The Social Climate of Cotton Manufacturing

This is part of a series of blog posts highlighting objects and archival documents from Social Climates: Power and the Environment in the Archives, an exhibition currently on view in the Kempner Gallery at Columbia’s RBML. Drawing on a wide array of RBML collections and materials, Social Climates explores the interconnections between culture, history, politics, and the natural world.

The following is adapted from the Social Climates exhibit essay text by Melina Moe, Curator of Literature and Bernadette Myers, Lecturer in the Department of English and Comparative Literature. Read more about how the environmental humanities is changing archival interpretation in their co-written article or visit the online exhibition

Cotton shaped modern capitalism and changed how we think about the natural world. Fueling the growth of global trade, cotton was harvested by slave labor in the US plantation economy and processed by industrial factories in the UK. This section of the Social Climates exhibit features items from the Oldknow-Arkwright archive, which combines the papers of Samuel Oldknow, the first large-scale domestic manufacturer of lightweight cotton cloth in England, and Richard Arkwright, inventor of the spinning frame.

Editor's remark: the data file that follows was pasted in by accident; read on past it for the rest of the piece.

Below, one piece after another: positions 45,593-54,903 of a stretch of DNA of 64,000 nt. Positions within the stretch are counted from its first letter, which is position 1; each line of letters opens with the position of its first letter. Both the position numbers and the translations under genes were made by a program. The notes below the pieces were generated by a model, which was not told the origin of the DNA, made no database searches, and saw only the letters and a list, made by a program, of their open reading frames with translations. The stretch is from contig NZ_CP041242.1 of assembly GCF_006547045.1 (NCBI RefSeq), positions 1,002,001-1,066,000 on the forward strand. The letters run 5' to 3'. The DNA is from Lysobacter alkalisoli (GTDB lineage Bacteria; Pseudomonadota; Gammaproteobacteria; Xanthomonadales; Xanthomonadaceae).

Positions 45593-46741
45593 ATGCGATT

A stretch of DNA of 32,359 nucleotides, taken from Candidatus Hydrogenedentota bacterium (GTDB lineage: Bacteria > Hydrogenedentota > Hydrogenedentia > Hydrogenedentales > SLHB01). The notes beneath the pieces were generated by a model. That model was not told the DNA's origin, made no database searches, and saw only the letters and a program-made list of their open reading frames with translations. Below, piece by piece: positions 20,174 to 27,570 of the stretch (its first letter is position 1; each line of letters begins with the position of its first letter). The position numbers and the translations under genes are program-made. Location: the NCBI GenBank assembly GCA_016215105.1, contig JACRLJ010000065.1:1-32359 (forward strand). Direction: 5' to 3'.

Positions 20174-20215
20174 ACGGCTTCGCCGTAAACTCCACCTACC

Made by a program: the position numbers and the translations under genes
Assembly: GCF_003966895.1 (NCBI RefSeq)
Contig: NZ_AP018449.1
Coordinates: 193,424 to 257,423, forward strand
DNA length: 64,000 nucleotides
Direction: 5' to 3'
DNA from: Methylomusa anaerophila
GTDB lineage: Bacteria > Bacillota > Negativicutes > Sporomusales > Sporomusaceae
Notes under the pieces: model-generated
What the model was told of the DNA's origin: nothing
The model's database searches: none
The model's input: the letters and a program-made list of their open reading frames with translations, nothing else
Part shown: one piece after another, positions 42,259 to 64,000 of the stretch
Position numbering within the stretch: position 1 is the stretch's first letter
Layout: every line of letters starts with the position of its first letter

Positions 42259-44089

Focused on Oldknow’s (ultimately unsuccessful) effort to build one of the first textile factories, these papers illuminate the far-reaching consequences of raw cotton exchange. Oldknow’s business knitted together global systems of imperial power and enslavement, and local environments of resource exploitation and technological innovation. Waterways were monopolized, canals connected interior lands to burgeoning ports, and industrial sectors built previously sleepy agricultural towns. 

“Notice to Employees,” 1797, Samuel Oldknow Papers. 

Henry Lewis, Cotton Plantation. Eine Baumwoll-Pflanzung, 1850. George Plimpton Papers. 

“The Plan of the Docks for the West India Trade” and the Peak Forest Canal Permits reveal the increasingly elaborate infrastructure for bringing raw goods to Britain’s factories and transporting finished goods to domestic and international markets and Henry Lewis’ engraving, “A Cotton Plantation,” illustrates that British manufactures and consumers were well aware of the human cost of their burgeoning industrial textile sector. 

John Fairbun, An Accurate Plan of the Docks for the West India Trade and the Canal in the Isle of Dogs, 1801. Historical Map Collection

Social Climates runs through September 30, 2022 in Kempner Gallery at Columbia’s RBML, 6th Floor Butler.